Tuesday, January 04, 2005

English literature and geology do mix!

Here is a concrete example of why all English literature students should study geology! In the first B.S. Johnson story the main character is a teacher doing a lesson on geology - 'Albert Angelo'. Central to the story is this piece of gneiss – a metamorphic rock. The character is describing this small piece of gneiss to the class whilst at the same time he is remembering the holiday with his girlfriend in Ireland where he took the gneiss sample (the rock gets stolen by one of the kids). He goes on to describe gneiss as an igneous rock. This really shocked me because there is no way that gneiss could be considered an igneous rock. It is strongly layered, igneous rocks are hardly ever layered. I started to think how he could have made such a mistake. Perhaps he is doing it deliberately so that the character may have an argument with a geologist later on … unlikely, perhaps he really doesn’t know that gneiss is a metamorphic rock. Where would he have read this? As far as I know gneiss has always been considered metamorphic. The best explanation I can come up with is that he read this information in an architecture manual. One where the author got his information wrong and one that the author never managed to check up.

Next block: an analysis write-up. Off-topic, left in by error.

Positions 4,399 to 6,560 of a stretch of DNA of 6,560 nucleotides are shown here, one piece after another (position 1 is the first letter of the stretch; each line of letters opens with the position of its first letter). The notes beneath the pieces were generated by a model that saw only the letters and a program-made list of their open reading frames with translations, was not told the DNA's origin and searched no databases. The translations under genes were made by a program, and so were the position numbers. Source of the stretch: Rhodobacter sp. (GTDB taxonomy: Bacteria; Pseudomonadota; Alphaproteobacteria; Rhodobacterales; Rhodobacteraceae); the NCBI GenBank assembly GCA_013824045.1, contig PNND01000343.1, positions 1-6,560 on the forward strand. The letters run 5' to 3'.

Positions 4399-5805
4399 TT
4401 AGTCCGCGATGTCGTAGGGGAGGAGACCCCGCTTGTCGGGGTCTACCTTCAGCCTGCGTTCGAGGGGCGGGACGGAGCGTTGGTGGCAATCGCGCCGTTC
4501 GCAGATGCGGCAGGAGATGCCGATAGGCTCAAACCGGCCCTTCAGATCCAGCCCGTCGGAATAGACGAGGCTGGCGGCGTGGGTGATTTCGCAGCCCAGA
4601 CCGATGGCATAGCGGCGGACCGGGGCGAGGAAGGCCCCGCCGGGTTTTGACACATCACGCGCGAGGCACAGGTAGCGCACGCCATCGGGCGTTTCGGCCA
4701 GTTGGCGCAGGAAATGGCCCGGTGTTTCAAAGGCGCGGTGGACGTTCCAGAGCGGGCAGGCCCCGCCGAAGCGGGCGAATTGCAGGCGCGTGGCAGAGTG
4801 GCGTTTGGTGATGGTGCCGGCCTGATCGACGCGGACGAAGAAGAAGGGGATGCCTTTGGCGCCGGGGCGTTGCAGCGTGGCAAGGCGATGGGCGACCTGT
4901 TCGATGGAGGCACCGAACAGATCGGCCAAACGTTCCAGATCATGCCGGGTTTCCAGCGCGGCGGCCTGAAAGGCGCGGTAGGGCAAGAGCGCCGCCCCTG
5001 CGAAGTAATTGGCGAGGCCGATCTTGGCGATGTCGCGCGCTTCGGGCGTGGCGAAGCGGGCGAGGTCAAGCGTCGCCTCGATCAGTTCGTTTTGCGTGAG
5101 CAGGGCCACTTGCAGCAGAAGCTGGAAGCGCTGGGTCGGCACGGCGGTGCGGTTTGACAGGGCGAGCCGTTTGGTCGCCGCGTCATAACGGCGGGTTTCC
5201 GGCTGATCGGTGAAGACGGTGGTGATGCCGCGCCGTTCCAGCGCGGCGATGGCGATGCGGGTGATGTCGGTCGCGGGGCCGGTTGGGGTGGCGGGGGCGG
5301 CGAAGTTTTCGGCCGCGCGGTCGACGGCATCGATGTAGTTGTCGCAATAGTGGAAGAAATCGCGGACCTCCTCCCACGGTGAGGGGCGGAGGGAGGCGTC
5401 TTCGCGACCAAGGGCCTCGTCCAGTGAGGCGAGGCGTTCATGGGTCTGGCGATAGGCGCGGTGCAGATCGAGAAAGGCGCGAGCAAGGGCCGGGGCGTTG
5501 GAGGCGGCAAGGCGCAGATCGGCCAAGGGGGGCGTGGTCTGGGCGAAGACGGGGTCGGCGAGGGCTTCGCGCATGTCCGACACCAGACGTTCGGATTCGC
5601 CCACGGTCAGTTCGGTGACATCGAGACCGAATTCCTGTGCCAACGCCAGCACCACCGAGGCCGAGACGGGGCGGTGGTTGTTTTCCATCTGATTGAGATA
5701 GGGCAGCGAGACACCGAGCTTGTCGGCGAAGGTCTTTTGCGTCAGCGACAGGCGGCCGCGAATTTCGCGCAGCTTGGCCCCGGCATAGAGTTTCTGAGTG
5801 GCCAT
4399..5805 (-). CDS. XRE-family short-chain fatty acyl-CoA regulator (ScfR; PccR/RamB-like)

The question is, would anybody else realise this? I doubt if any English literature student would realise this unless perhaps they had just been watching Alan Titchmarsh’s guide to geology on TV. That perhaps is quite unlikely too! I still haven’t finished the story as yet, I will maybe find out . It would be quite amazing to be able to find an architecture manual where gneiss is identified as an igneous rock, one reason why cheaters never win, they repeat their mistakes!


Cocobarks said...

My understanding of the terms is that igneous rocks are rocks formed by heat and gneiss rocks are formed by both heat and pressure. So gneiss rocks may contain igneous rock, but igneous rocks cannot contain gneiss rock. Am I correct or confused?

Igneos said...

Hey there Carole,

What you have to understand is that the processes are everything. An igneous rock is a pure solid that results ftom the cooling of molten rock. For example if you melt sugar and then pour it out, once it is hard that is the equivalent of igneous rocks. These rocks are full of crystals and normally they have no internal structure.

What happens in nature is you get your igneous rocks they solidify and they are cool for a long time, then they get crushed - pressure or maybe some more molten rock lands on top of them - heat. This is when metamorphic rocks are formed. Most metamorphic rocks are formed by pressure and heat. They are effectively squashed and this pressure creates layering. If granite (igneous) is crushed it becomes gneiss (metamorphic). They are relatively easy to distinguish, once a rock has layers it will flake easily - eg slate.